Friday 20 June 2014

An Encounter with Jorge Grundman

Jorge Grundman - A Mortuis Resurgere
This month the Spanish composer Jorge Grundman releases his first disc on Chandos, a recording of Grundmans's A Mortuis Resurgere (The Resurrection of Christ) with soprano Susana Cordón, and the Brodsky String Quartet, the artists for whom the piece was written. The work is conceived as a companion piece so Haydn's Seven Last Words. Grundman is based in Spain, so I had a email conversation with him about his work.

Grundman has a long-standing relationship with the Brodsky String Quartet and wrote On Blondes and Detectives (Cliche Music for String Quartet) for them in 2012, and this work was awarded first place in the instrumental category of the International Song Writing Competition.

In Mortuis Resurgere is composed in a single movement, but the work was imagined in three parts: the Gospel, the Creed and the celebration or Hosanna. Grundman begins the piece where Haydn finishes off, with the earthquake, imagining a cloud of dust shrouding the sunlight.

What made you choose Haydn's Seven Last Words as the starting point for your new piece?

"There is at present no tradition in Spain of attending concerts of sacred music in churches, so I wanted to do my bit by helping to create a string quartet to play in such places. We were however allowed only to programme religious compositions. Haydn’s Seven Last Words of Christ on the Cross is one work with Spanish roots, of which maestro José Peris Lacasa made a version with soprano, with the idea of offering a concert on two successive days, so I thought it might be right to continue where Haydn left off - but of course in my style."

Are you religious, are you interested in the religious dimension to Haydn's work and does your new piece have a religious dimension?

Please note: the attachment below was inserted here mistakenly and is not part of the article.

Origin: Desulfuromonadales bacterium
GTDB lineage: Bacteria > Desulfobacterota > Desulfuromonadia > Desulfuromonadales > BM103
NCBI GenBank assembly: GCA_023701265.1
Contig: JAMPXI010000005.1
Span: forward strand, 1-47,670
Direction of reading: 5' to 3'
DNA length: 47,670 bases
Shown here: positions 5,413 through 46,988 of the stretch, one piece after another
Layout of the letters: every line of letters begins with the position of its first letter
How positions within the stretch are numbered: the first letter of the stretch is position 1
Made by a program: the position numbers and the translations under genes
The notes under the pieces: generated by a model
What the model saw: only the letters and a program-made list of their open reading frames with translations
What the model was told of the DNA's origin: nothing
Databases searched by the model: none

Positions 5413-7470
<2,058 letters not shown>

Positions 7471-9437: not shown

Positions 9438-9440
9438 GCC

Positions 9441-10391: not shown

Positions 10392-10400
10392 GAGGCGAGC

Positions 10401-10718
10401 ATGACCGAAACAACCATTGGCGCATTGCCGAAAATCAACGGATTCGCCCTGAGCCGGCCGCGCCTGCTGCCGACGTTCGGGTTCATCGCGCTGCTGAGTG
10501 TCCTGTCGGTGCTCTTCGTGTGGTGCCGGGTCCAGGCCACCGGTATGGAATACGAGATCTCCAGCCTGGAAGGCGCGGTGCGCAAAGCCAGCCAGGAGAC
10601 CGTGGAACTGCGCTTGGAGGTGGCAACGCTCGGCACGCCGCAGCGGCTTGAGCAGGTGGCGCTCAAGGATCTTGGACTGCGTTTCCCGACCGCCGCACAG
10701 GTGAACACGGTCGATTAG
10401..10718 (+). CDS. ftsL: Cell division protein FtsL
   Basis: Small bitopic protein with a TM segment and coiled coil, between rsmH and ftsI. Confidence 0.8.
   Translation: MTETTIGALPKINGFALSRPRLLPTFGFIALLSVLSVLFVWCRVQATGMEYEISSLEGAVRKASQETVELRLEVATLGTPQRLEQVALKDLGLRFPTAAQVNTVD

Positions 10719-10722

"I am Catholic and so a believer. I believe in the God who created us and who accompanies us always, at every moment we breathe, in any action we take or do not take. That does not mean that He governs us. Just that He accompanies us. He is joyful when we are happy. Or sad when solitude seizes us. He gave us life. But so that we would use it the best way possible. And the best way possible is not for us but for others. That religious dimension does not coincide exactly with Haydn’s vision, but it is the one I have tried to make present in each of the emotions I try to describe with music in the oratorio."

"In fact, the Gospels are absolutely impersonal, the verses merely relating the facts in very short phrases, devoid of the soul and feeling those involved might have felt. It could not be any other way if the desire was to present a historical and truthful fact. However, when Christians read the Gospels, they do imagine the suffering and the mystery of religion. It is to me odd that, in musical terms, Christ’s Resurrection has not been the subject of such wide-ranging musical inspiration as the Passion. Yet it is the base of the Catholic religion. Not the fact of the death but of the return to life from among the dead: A Mortuis Resurgere. Thus I used those three words, taken directly from the Gospels in Latin, as the work’s title."